In a sense, Erica Smith was born to play lacrosse.
With her father Erich and brother Erich Jr. having played the game in college, the North Gwinnett attacker/midfielder grew up with the game even if she didn't start playing it until her freshman season.
Now a senior, Smith has undergone an even bigger growth spurt in lacrosse as the first player in the history of the North girls program to sign a scholarship.
And she's hoping to help the Bulldogs (6-4, 4-1) undergo similar growth as they continue their challenge for the Area 4-AAAAA title.
Smith actually began her athletic career in North's volleyball program, but took the game her father played at the University of Maryland-Baltimore County, a family tradition continued by her brother, who recently graduated after finishing his career at Manhattan College in New York when the school began a club program during her freshman year.
"It was a family thing," said Smith. "I guess as soon as (North) started lacrosse, I jumped at (the chance)."
Smith's role has jumped significantly since her debut, as she has become one of the Bulldogs' leaders in every sense of the word.
"She's one of those special girls that has a passion about life and sports," North girls coach Diane Adams said. "She's so dedicated and energetic to everybody. She was an excellent volleyball player, but she moved all her leadership skills and effervescence over when she started playing lacrosse. It was an easy transition for her."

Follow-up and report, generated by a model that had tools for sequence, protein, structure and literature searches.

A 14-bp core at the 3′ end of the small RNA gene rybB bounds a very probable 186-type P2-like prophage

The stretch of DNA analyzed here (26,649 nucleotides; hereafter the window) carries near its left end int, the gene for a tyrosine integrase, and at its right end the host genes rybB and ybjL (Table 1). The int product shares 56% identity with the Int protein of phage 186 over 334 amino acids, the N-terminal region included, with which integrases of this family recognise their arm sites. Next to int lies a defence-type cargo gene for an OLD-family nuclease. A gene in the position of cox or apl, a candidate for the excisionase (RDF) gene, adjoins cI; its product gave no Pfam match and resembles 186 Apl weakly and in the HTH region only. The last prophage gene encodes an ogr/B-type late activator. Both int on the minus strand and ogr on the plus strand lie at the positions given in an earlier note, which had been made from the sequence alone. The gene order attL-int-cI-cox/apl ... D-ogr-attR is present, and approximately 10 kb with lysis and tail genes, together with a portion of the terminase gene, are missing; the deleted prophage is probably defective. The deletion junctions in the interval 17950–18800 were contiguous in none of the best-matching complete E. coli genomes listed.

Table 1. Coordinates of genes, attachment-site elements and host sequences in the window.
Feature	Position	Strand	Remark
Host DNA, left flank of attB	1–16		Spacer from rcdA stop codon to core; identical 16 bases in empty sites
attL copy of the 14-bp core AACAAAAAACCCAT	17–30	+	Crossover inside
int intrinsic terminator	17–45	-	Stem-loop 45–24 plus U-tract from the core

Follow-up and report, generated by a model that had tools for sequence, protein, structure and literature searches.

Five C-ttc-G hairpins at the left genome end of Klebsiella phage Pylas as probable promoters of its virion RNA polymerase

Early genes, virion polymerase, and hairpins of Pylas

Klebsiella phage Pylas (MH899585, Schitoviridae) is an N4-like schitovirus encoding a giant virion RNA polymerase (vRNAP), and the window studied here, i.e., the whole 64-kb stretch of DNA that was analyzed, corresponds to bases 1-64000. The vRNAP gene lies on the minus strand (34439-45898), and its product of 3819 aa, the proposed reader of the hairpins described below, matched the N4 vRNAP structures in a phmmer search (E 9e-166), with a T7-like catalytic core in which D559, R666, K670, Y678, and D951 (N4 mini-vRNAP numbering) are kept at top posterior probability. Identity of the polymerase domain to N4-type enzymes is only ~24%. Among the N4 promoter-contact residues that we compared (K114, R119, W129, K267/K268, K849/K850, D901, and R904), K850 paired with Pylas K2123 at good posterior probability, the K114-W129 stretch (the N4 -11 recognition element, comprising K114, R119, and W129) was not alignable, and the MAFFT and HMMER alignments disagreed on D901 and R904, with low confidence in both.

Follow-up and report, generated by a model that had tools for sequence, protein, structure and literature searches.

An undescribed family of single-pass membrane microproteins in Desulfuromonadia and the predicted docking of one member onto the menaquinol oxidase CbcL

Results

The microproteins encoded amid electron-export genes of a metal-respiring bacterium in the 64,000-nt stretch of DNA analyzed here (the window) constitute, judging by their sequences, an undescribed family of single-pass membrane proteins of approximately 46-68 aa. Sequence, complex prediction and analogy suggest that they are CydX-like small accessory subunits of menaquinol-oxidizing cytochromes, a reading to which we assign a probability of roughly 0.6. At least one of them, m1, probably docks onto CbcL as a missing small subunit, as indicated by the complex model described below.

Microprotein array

Perhaps, but even as she became a team leader in North's fledgling program, she wasn't done learning.
And her learning curve took a dramatic upturn during a season away from the Bulldogs, as she spent last year attending Nerinx Hall High School in Webster Grove, Mo., near St. Louis and playing for one of Missouri's top girls programs.
"They were ridiculously good," Smith said of her experience playing at Nerinx Hall. "They won a state championship the year before. They just had phenomenal stickwork and ball movement. I played defense last year, which was new to me. So, I learned a lot."
Upon her return this year, Smith has applied what she's learned to become one of the Bulldogs' most key all-around players with North coming out of spring break as part of a four-way tie for second, just a half-game behind area leader Peachtree Ridge.
But while her 13 goals with a .520 shooting percentage, three assists, 11 draw controls, seven groundballs and three caused turnovers make her one of the team's most valuable assets, Smith's worth goes beyond the number, Adam says.
"Even though she could be our leader statistically, she realizes it's a team sport," Adams said. "She's OK with passing the ball off and taking a (secondary) role when we need her to."
That kind of maturity and continued growth is something Smith hopes to take with her to the next level when she heads off to Rome at Shorter University's Division II program next year.
And as North's first college scholarship player, she hopes to continue to set a good example for younger Bulldogs to someday follow.
"I love that it's something I've accomplished and become a part of North Gwinnett history," Smith said. "Hopefully, I can show other girls they can get somewhere in the sport if they work hard enough."